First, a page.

Wednesday, March 3, 2010

Apples to apples

Thanks to all who commented with some grocery prices for your general area. I found the comparisons fascinating!


Here are the prices at my local grocery, followed by the average price calculated from the comments:


a gallon of generic skim non-organic milk $2.65 ($2.60)
The highest milk price in the survey was $3.61 (New Jersey); the lowest price represented was $1.99 (Southeast).

a dozen large non-organic eggs $1.29 ($1.64)
The highest price of eggs was a whopping $2.99 in Southern CA (though my sister-in-law said they're usually on sale for $1.99); the lowest price was $1.08 in a Midwest suburb.

a loaf of generic white/wheat bread $1.29 ($1.70)
These prices were the most varied: the highest was $2.50 (again New Jersey, but a different commenter, so likely a different area) and the lowest price was 79 cents in the eastern Midwest.

bananas per pound: $ 0.49 ($ 0.62)
Banana prices ranged from 79 cents/pound (a Midwest suburb and once again, New Jersey!) to 49 cents in quite a few places.

Personally, I was intrigued to see that my local prices for milk and eggs were higher than a lot of other places, especially considering we are a very agricultural region and have a major dairy just down the road. However, my local prices are still below the averages calculated here so I can't complain. I have to give a shout-out to all the New Jersey-ites (New Jersians?!) for having high prices across the board!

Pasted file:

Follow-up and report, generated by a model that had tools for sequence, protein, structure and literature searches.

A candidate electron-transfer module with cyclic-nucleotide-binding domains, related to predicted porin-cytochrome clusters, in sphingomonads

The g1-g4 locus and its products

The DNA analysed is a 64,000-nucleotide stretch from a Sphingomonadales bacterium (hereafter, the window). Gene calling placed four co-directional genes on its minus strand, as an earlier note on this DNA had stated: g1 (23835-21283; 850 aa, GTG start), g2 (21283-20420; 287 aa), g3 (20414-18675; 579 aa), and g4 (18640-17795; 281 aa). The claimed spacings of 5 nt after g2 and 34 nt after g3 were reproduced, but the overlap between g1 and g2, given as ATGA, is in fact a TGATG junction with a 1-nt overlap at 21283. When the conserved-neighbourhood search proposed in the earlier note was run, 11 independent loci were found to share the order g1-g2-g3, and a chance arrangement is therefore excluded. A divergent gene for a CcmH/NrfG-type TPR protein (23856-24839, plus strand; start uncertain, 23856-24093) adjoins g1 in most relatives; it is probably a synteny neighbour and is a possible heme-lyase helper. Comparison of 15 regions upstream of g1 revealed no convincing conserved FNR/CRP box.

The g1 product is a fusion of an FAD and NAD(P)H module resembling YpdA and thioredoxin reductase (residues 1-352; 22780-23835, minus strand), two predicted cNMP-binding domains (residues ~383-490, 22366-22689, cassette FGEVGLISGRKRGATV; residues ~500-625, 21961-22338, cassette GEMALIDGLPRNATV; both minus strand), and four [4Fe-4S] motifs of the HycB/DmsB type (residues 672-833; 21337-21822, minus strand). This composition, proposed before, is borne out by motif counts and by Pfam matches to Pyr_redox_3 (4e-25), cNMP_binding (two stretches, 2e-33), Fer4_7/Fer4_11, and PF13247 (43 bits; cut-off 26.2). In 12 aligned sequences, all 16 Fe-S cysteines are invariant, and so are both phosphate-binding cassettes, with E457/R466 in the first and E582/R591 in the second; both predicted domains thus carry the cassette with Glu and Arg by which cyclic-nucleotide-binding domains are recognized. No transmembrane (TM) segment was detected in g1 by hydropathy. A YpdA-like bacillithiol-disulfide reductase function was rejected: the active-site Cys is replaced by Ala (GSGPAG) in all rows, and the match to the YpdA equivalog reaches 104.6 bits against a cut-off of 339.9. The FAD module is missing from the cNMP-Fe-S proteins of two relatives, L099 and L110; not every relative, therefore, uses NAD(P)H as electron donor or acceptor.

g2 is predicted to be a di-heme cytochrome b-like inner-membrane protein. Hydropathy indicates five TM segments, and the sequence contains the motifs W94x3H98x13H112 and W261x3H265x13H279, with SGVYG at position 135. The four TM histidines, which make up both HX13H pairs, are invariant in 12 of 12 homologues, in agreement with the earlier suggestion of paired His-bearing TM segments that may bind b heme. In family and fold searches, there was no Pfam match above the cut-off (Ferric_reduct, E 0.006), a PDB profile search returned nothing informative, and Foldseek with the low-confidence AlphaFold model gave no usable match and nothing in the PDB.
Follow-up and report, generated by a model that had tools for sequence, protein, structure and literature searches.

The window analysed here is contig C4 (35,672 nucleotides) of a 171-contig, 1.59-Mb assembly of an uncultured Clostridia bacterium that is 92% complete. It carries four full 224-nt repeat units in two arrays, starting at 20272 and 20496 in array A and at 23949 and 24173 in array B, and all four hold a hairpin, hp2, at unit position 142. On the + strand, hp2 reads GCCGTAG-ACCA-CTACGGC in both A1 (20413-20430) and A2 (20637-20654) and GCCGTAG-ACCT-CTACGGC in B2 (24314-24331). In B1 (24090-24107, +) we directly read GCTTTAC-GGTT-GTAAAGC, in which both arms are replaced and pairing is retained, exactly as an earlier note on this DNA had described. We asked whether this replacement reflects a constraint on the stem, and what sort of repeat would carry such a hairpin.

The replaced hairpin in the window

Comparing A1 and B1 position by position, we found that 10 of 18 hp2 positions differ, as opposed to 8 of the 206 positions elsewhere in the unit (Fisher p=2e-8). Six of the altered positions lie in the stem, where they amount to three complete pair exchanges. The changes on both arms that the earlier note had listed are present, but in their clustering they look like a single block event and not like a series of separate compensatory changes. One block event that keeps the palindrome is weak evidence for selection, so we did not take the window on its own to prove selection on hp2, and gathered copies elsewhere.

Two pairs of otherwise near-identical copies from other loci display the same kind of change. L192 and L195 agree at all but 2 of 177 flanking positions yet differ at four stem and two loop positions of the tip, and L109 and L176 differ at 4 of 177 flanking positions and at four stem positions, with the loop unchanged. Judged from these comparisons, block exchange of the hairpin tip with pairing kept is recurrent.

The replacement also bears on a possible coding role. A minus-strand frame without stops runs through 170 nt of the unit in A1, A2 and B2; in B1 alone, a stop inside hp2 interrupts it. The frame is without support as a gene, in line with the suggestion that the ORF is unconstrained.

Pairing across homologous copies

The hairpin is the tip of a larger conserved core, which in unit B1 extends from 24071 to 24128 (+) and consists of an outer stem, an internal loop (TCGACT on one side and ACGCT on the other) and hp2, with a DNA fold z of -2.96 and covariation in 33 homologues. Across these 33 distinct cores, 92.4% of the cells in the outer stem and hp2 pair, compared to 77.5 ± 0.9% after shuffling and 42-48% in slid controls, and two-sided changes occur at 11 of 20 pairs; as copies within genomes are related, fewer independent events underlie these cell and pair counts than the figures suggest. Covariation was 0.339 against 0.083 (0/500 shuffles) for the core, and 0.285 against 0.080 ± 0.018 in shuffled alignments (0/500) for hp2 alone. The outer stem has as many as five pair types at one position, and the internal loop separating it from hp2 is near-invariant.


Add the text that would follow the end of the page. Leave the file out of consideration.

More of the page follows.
I know this wasn't a very scientific survey, but it was interesting to me nonetheless and I appreciate all who participated. I hope you also enjoyed reading these comparisons!

Monday, March 1, 2010

Price comparisons

Recently a single friend of ours made a comment that she spends the same amount on groceries for herself as we do for our family of four. This person, a resident of a mid-size Midwestern city, indicated that grocery prices are higher where she lives, and it made me curious. Just for fun, I'd like to compare the cost of a few grocery staples based on where you live.

If you're willing, sometime in the next few days, leave a comment with the regular (non-sale) price of the following:
  • a gallon of generic skim milk
  • one dozen large non-organic eggs
  • a loaf of generic white/wheat bread
  • bananas per pound
Even if you buy a different version of these products, such as soy milk, it will be most consistent if you post according to this list. As for your location, there's no need to give your city and state--just give a label that indicates region and/or community type. (For example, I would say "Midwestern small town.") I'll post my own local prices along with a compilation of the responses later this week. Thanks for participating in my little study!
*Also, totally unrelated, but while I'm surveying you, could anyone recommend a compelling biography? I'm looking for a little inspiration, and welcome your suggestions. Thanks!
Photo from Flickr